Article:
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LGBTQ+ in Schools: Celebrating Diversity and Inclusivity

Professor Sue Sanders, Co-Chair, School’s Out and Founder, The Classroom and LGBT History Month discusses the importance of inclusive LGBTQ+ in schools to and the role of LGBTQ+ education in promoting equality and diversity.

We are in schools for at least 11 years of our lives. That is a long and vulnerable time.

What Does the Law Say About LGBTQ+ in Schools?

Presently the levels of respect and safety our children experience can vary widely, depending on the attitudes of those around them towards their family members, their religion, class, ethnicity, ability, gender identity and sexual orientation.

The Labour government realised this and so it’s Public Sector Equality Duty Act 2011 states:

When Public Authorities carry out their functions, the Equality Act says they must have due regard or think about the need to:

  • eliminate unlawful discrimination, harassment, victimisation and any other conduct prohibited by the Act; (the Equality Act)
  • advance equality of opportunity between people who share a protected characteristic and people who don’t;
  • foster or encourage good relations between people who share a protected characteristic and people who don’t.

The Relationship and Sex Education Act, 2019, is a step in helping schools to execute their responsibility to educate their pupils in the diversity of relationships and the complexity of the functions of intimate relationships including bonding, procreation, and pleasure.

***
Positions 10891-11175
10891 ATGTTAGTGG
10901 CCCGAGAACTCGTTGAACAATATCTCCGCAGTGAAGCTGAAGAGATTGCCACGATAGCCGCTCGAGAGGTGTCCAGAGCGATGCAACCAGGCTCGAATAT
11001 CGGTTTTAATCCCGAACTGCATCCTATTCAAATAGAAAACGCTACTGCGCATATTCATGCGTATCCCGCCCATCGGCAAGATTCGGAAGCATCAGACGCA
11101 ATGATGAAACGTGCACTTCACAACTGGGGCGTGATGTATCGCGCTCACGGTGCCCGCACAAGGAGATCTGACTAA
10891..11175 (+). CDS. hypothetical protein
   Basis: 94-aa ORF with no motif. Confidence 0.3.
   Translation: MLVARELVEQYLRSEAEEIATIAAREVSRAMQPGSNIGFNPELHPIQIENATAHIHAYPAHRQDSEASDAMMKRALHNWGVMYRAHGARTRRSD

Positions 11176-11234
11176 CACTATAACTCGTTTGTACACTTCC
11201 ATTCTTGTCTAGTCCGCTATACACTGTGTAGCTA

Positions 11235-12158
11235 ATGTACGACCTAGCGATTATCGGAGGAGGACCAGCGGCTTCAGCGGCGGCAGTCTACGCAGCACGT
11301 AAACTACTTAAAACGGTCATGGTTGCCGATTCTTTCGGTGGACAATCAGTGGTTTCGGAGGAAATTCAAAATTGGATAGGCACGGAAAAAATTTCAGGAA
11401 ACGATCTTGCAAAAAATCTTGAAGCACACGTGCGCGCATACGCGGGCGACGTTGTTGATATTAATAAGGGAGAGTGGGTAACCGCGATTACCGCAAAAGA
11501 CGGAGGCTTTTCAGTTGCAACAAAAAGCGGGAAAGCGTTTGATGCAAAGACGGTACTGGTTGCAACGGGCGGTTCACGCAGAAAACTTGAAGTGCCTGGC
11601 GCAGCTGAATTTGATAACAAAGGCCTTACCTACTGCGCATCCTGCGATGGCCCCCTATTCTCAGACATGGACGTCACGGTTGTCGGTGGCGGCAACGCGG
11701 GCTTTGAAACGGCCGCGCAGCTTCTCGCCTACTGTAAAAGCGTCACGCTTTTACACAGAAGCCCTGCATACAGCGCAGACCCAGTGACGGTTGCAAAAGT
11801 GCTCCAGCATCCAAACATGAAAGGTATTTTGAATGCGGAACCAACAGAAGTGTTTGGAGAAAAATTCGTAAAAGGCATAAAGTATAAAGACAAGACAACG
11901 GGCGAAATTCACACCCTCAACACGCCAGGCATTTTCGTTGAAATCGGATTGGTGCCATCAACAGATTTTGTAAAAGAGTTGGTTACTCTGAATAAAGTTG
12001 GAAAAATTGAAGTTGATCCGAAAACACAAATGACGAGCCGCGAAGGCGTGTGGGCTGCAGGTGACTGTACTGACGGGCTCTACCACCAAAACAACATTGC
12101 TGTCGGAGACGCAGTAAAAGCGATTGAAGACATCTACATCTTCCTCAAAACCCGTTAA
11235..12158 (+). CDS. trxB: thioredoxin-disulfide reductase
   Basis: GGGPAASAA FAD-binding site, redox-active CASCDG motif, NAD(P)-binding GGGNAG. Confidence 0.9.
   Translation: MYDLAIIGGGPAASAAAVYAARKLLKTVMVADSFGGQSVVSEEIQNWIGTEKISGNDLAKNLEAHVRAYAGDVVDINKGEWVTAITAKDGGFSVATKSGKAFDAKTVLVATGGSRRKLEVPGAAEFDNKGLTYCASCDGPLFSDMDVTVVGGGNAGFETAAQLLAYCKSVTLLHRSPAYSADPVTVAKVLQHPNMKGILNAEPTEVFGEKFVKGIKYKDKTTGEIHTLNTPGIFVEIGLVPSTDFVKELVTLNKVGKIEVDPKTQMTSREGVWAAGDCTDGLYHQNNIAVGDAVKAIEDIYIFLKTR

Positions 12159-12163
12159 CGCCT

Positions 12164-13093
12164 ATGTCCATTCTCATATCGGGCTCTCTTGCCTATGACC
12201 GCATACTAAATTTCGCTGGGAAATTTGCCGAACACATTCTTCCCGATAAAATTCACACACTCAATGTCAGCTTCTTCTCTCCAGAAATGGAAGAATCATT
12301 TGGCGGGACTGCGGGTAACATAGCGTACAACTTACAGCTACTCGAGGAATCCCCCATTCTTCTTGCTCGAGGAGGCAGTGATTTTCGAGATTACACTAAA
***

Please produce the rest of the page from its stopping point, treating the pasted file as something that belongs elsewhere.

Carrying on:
Why is LGBTQ+ in Schools So Important?

In the age of the Internet where we can all access pornography with a quick click, it is vital that schools provide students with perspectives on intimate relationships that can counter the myths and problematic ideas to be found on the net and in the playground.

Children of all families and none need to feel that their identity is recognised and valid.  For too long white, able bodied, heteronormativity has dominated in our schools leaving many children to flounder and feel like outsiders.  The majority of children who may question their sexual orientation or assigned gender are raised in a heterosexual milieu and do not hear positive comments about LGBT+ people, let alone an acknowledgement that we exist.  We know this from personal accounts.  Many will hear quite the opposite. That is why Schools OUT UK has produced free resources for teachers, museums, libraries etc. to enable positive presentations of our LGBT+ history and achievements.

I want schools to be places where everyone feels celebrated. We have campaigned for Teacher Training that equips them to know how to make a safe classroom, to have the resources and confidence to ensure that their pupils know about and respect each other. It is a tall order but if we are going to heal our society, ensure that we can listen to ideas that are foreign to us and ensure that every child can feel recognised, it is essential.

If you want read about the importance of LGBTQ+ education in schools then please take a look at a piece written by Dr Eleanor Draeger where she shares her thoughts on this very important issue: Eleanor Draeger; Importance of LGBTQ+ Education in Schools 

How Can You Promote LGBTQ+ in Schools?

You can help by contacting your local school to find out if they are using the many free resources that are available to them, and if they celebrate the diversity months  (January, Holocaust Memorial Day, February LGBT History Month, March Women’s History Month, June Gypsy and Traveller Month, October Black History Month and November and December Disabled History Month).

Schools need governors who have this agenda.  Please consider being a governor. I believe that each of us has a responsibility to ensure that LGBT+  youngsters and all children feel safe, welcome, and proud.


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